What’s not so clear is if she should trust anyone . . . especially Max Kallstrom.

Once again, Emelle Gamble has written a book that enthralls.

From the first, I was wrapped up in Jill’s life. The story starts with her decision to move her mother, who has Alzheimer’s, into a nursing home. It utterly breaks her heart (both having to move her and realizing that her mother doesn’t really even see her or know her anymore), and it broke mine as well. Then one after another, more heart-rending things happen. Her ex wants to talk to her, her one true love, Max stops by and wants to explain why he left her … and then a friend is murdered.

Poor Jill has way too much going on and doesn’t know where to turn. Thankfully, she has her best friend, Carly to talk to, along with Carly’s husband, Ham. Things start escalating pretty quickly both with Max and the murder mystery. All fingers point to Max as the bad guy, but she has a hard time thinking he could commit murder. In fact, she knows she’s falling in love all over again.

Ms. Gamble has populated the story with exceptionally real characters, all different and unique, with character strengths and flaws. There are plenty of secondary characters (it does involve a class reunion, after all). The town, too, is well written and the descriptions are all clear without being over bearing. It was a nail-biting experience and the reveal at the end was a huge surprise! Well done, Ms. Gamble!

If you’re looking for a strong, well-written romantic suspense that will keep you guessing, I recommend The Second Man. It’s definitely a winner.

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The Dollmaker by Mary Burton

The Dollmaker by Mary Burton
Publisher: Montlake Romance
Genre: Action/Adventure, Contemporary, Suspense/Mystery
Length: Full Length (387 pgs)
Rating: 5 stars
Reviewed by Aloe

Dr. Tessa McGowan had never seen anything quite like it. But the mutilated bodies on her exam table tell a stunningly macabre tale: someone with a twisted mind is kidnapping women and altering their faces to resemble real, life-size dolls. As a forensic pathologist, it’s her job to aid the agent leading the case—even if that agent is her estranged husband.

Twelve years ago an unspeakable tragedy destroyed Dakota Sharp’s world. Haunted by the ghosts of his past, he’s devoted himself to capturing killers. His only regret is that it cost him Tessa. Now, as the Dollmaker case brings them together—and raises his suspicions that he’s crossed paths with this deranged psychopath before—they may just have their second chance. But it seems Dakota’s not the only one who wants to make Tessa his own…

She may be the Dollmaker’s next target, but Tessa has no intention of winding up as another toy on his shelf. Can she and Dakota stop this ghastly killer before his next deadly playdate?

Dakota is an excellent cop but he’s haunted by the death of his younger sister. He wasn’t even in the country when it happened but he still feels guilty. The worst part is that it’s a cold case. It’s worse than cold for him, it’s frozen part of his heart.

Ms. Burton writes suspenseful novels and this is one of her best so far. She makes you wonder how she can imagine a monster so well. Did she have one in her life? Once you start reading her novels, you don’t stop until it’s done. Then you might have to sit and take a few breaths before you return to regular life. Her stories are smoothly done, the horror is real, and the danger gives you chills.

When Tessa, Dakota’s wife, returns from working overseas, she’d like to get back together with him. He tells her he hasn’t changed and what broke them apart before will do it again. Since she’s a medical examiner, she has to work with him. She also plans to work on him.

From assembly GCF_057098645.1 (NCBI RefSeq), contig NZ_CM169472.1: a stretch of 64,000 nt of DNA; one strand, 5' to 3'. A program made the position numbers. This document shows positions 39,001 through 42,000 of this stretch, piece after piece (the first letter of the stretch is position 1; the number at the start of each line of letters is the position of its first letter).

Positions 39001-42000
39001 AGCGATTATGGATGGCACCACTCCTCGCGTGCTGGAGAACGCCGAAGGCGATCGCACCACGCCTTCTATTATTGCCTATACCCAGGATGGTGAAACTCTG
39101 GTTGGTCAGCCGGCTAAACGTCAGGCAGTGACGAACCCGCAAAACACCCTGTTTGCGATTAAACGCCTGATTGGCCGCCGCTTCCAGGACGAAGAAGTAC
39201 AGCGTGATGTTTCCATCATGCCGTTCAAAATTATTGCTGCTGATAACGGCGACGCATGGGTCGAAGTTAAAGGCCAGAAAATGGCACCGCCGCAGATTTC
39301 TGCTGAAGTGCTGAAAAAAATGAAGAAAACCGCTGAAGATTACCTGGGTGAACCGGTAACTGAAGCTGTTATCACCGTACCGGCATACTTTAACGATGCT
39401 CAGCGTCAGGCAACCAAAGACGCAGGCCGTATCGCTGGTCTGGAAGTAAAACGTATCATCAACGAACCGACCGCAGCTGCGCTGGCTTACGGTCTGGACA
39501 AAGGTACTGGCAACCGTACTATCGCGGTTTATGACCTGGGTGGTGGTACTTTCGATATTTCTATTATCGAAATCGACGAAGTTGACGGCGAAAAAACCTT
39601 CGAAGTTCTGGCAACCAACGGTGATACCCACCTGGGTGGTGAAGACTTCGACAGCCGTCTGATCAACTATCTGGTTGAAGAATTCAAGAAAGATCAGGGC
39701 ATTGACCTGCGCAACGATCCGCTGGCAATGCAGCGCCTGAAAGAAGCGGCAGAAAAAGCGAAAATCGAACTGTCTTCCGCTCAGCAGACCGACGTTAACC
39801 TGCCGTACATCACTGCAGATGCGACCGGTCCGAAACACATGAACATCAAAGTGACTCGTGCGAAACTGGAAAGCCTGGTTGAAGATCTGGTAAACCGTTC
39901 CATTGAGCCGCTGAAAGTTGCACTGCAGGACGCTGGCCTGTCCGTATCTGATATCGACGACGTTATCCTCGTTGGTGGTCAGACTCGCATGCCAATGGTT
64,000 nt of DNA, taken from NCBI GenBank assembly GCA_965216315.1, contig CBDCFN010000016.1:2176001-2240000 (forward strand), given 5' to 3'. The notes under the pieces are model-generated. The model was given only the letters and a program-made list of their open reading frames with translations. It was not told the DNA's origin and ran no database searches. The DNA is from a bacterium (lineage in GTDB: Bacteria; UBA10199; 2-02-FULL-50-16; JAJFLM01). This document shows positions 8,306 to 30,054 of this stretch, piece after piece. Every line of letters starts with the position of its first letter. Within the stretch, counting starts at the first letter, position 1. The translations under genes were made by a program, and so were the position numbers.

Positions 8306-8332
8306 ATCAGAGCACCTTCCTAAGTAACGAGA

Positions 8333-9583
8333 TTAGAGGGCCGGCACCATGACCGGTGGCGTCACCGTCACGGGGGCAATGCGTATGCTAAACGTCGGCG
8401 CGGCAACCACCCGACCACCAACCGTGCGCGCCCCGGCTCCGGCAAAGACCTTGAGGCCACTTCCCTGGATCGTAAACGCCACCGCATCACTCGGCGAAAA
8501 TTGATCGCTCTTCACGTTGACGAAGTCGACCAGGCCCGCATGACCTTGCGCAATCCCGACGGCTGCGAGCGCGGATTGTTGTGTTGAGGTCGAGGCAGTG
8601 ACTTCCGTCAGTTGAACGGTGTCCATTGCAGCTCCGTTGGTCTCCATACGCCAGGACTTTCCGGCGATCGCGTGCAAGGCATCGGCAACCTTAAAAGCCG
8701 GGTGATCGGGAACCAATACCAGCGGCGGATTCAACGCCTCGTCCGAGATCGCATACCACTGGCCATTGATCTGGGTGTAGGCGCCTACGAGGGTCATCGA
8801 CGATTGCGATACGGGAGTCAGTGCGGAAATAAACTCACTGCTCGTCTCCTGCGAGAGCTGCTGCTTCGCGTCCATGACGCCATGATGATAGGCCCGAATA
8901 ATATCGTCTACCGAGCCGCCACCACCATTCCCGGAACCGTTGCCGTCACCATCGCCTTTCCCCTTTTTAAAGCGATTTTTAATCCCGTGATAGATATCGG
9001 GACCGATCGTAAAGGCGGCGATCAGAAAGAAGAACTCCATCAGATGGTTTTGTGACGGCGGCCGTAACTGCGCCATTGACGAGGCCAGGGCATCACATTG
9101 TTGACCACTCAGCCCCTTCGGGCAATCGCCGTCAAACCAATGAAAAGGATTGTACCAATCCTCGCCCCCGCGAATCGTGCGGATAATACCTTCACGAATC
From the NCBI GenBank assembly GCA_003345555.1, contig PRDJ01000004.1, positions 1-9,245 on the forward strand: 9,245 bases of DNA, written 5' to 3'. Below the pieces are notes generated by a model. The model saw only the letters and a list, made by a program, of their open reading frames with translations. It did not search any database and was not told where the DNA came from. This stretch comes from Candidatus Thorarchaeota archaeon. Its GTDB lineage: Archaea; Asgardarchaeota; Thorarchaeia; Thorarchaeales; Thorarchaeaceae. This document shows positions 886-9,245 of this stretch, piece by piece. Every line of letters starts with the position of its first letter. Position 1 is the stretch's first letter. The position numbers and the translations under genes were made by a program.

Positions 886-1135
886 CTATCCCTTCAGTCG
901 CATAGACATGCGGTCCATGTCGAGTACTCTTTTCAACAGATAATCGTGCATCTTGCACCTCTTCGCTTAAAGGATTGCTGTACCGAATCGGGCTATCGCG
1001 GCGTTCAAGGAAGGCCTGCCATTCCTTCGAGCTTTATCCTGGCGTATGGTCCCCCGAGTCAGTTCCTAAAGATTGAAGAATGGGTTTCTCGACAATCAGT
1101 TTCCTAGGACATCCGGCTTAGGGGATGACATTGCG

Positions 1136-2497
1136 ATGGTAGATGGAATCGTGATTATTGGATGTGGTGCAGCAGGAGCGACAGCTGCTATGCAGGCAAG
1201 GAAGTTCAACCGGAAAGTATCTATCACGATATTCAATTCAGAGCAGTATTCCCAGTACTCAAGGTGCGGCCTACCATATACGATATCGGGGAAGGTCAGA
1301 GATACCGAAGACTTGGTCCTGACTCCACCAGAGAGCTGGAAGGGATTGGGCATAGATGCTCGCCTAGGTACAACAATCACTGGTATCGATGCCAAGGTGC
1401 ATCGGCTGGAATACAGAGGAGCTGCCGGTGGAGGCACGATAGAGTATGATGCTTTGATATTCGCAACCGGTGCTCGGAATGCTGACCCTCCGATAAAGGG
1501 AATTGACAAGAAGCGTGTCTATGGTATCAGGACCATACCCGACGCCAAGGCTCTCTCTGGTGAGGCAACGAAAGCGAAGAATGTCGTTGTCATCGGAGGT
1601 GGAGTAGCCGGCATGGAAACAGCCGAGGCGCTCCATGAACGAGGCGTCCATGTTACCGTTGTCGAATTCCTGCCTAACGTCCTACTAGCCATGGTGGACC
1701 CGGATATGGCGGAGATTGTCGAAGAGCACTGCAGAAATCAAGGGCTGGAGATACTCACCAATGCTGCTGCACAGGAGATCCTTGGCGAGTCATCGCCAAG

The newest death is a young man who was found in a dark alley. They believe that it was a drug deal gone bad. The young man was a good boy, but he had a bad father. What makes them wonder about it is the manner of death. It’s almost like a doctor killed him.

Then a woman is found dead and she’s been remade. All her hair has been removed. She’s tattooed as a doll and her wig and clothing are unusual. When she’s identified, she’s part of a group of girls that Tessa and Dakota’s sister hung out in high school. Then they find another one in the same type of tattoos and handmade clothing and she’s another of the group. All of sudden, Dakota has more to worry about than his dead sister…

Ms. Burton, draws you in, gives you pieces of the puzzle from all sides, and manages to scare you to death on the way. Her books are exciting and an excellent read.

The Little Dog by Leslie W P Garland

The Little Dog by Leslie W P Garland
Publisher: Self-Published
Genre: Sci-Fi/Fantasy, Suspense/Mystery, Paranormal, Contemporary, Historical
Length: Short Story (91 pages)
Rating: 5 Stars
Reviewed by Astilbe

The Little Dog: A story of good and evil, and retribution.

“And I saw an angel standing in the sun”

Is told by Bill, a retired forester, and takes the form of most of the stories in our lives, namely, that we have no idea that we are living a story until later when previous events suddenly seem to fall into place and make some kind of sense. Bill recounts a week in his early working life when, paired with an older, unsavoury and unpopular colleague, they find a little dog sitting beside the forest haul-road way out in a remote part of the forest. What is the little dog doing there? As the week progresses Bill finds himself becoming emotionally attached to it while also becoming increasingly concerned about just who is his objectionable workmate, and when he notices that the little dog is no longer present at its usual spot his concerns heighten, as he cannot help but feel that his workmate has something to do with the dog’s disappearance. Although a troubled Bill has a conversation with his local priest and learns of the nature of sin and evil, he remains blind to that which is right in front of him. However the very next day events suddenly take an unexpected turn and the young naive Bill starts to learn some awful truths.